NEW YORK – U.S. stocks fell on Tuesday after a weak consumer confidence report fueled concerns the housing slowdown could spread into the broader economy and hurt profits.
Lennar Corp. (LEN), a major U.S. home builder, scrapped its 2007 outlook as it posted a 73.4 percent slide in quarterly profit a day after government data on new-home sales pointed to further weakness in the housing market.
Shares of bellwether companies, including chemical maker DuPont Co. (DD) and diversified manufacturers Honeywell International Inc. and General Electric Co. (GE) led the declines, along with shares of home builders and banks.
"People are afraid that the housing market (slowdown) is going to spill over to the general economy," said Todd Clark, director of stock trading at Nollenberger Capital Partners in San Francisco.
"The numbers that came out today suggest that's the case, which obviously would mean more earnings are lighter and stocks wouldn't go higher," he added.
The Dow Jones industrial average dropped 71.78 points, or 0.58 percent, to finish at 12,397.29. The Standard & Poor's 500 Index slid 8.89 points, or 0.62 percent, to end at 1,428.61. The Nasdaq Composite Index lost 18.20 points, or 0.74 percent, to close at 2,437.43.
The Conference Board, a private research group, said its index of consumer sentiment declined in March amid rising gasoline prices and turmoil in financial markets.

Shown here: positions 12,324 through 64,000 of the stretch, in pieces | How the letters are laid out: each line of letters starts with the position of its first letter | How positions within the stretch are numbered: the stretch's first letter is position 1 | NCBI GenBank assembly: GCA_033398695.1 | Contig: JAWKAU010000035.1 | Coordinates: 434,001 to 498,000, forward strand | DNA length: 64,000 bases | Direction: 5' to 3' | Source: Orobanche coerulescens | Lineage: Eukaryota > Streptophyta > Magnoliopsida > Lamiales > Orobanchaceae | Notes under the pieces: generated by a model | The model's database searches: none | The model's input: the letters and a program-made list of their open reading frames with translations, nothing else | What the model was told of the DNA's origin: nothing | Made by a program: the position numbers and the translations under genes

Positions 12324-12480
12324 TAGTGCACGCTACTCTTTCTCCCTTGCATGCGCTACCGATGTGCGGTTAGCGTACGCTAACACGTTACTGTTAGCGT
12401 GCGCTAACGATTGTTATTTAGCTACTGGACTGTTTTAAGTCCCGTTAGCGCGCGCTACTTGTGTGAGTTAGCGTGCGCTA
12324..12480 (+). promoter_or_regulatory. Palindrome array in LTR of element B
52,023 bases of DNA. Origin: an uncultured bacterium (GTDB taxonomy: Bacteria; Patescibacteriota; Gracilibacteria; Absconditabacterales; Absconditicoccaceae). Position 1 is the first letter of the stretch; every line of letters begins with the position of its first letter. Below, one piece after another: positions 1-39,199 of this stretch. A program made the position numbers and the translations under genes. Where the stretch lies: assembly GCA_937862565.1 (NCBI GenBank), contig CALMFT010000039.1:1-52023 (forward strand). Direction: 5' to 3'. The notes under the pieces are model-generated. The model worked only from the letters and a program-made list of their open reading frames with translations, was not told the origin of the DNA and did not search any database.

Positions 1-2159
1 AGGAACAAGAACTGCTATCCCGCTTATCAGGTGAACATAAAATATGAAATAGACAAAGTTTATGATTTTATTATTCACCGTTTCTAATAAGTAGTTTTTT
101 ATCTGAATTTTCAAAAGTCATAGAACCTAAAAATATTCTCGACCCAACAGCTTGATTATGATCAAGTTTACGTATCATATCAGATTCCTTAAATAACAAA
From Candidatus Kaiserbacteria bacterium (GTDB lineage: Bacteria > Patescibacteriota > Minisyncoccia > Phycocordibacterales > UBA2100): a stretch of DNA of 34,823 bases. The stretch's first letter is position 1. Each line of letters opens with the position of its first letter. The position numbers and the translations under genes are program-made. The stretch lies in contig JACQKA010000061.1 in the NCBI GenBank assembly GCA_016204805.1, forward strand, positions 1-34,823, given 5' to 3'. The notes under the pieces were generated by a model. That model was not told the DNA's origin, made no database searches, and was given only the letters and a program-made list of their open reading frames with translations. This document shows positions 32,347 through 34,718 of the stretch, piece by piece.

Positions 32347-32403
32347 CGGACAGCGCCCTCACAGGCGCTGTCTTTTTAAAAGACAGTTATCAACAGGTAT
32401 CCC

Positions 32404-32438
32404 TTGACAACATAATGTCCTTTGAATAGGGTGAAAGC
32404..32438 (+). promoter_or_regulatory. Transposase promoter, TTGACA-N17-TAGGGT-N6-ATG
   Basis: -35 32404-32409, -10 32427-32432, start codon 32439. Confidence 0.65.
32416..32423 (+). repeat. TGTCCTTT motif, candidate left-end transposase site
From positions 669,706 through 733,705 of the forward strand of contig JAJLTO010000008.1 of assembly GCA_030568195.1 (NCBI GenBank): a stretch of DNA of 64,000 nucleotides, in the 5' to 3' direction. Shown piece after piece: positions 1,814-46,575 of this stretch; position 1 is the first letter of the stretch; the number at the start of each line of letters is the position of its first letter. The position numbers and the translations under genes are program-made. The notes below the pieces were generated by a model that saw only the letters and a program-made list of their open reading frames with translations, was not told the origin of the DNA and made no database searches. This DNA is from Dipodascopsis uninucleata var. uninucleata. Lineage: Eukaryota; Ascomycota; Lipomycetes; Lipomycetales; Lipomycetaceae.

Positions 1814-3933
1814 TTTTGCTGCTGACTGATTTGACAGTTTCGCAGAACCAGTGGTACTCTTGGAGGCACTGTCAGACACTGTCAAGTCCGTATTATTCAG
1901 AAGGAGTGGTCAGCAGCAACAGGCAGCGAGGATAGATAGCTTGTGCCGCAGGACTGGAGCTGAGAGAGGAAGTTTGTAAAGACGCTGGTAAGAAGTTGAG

Shares of Lennar slumped to their lowest level in over six months on Tuesday, but retraced lost ground in early afternoon trading to end off only 0.09 percent, or 4 cents, at $44.50 on the New York Stock Exchange.
Lennar's stock slid as low as $42.64 during the session in volatile trade — its lowest level since September 2006. Meanwhile, the Dow Jones Home Construction index fell 1.46 percent.
Standard & Poor's Equity Research homebuilders industry analyst Tom Smith said in a research note before the close he upgraded his rating on Lennar to "hold" from "sell," citing valuation.
The third-largest U.S. home builder said the widening problems in the subprime lending sector have weakened an already anemic market.
Its results came a day after the Commerce Department reported that new home sales fell unexpectedly in February, marking the second straight month in which sales came in lower than even the most bearish forecasts on Wall Street.
In other housing news, a senior U.S. Federal Reserve staff member warned that subprime mortgage market troubles could last as long as two years.
Shares of DuPont were the biggest decliner on the Dow, ending down 3.02 percent, or $1.55, at $49.81 on the NYSE. GE shares were also among the Dow and the S&P 500's worst performers, ending off 0.58 percent, or 21 cents, at $35.79, on the NYSE.
Shares of Honeywell dropped 1.29 percent, or 61 cents, at $46.73.
Among other home builders on the NYSE, KB Home shares dropped 1.48 percent, or 68 cents, to end at $45.31, while shares of Toll Brothers (TOL) finished down 1.56 percent, or 45 cents, at $28.40.
Shares of home improvement retailers also fell. Home Depot Inc.'s (HD) stock ended down 1.5 percent, or 57 cents, at $37.34, while Lowe's Cos. shares dropped 1.24 percent, or 40 cents, to $31.74.
Among banks, shares of Citigroup Inc. fell 0.93 percent, or 48 cents, to close at $51.06 on the NYSE.
Prices of existing U.S. single-family houses extended their slide in most regions in January, according to the Standard & Poor's/Case-Shiller Home Price Index of 10 metropolitan areas.
Among gainers, shares of AT&T Inc. (T) jumped 0.33 percent, or 13 cents, to $39.44 on the NYSE after the company said its Cingular Wireless unit had received about 1 million inquiries about Apple Inc.'s hotly anticipated iPhone.
Cingular will be the first to sell the phone when it debuts in June.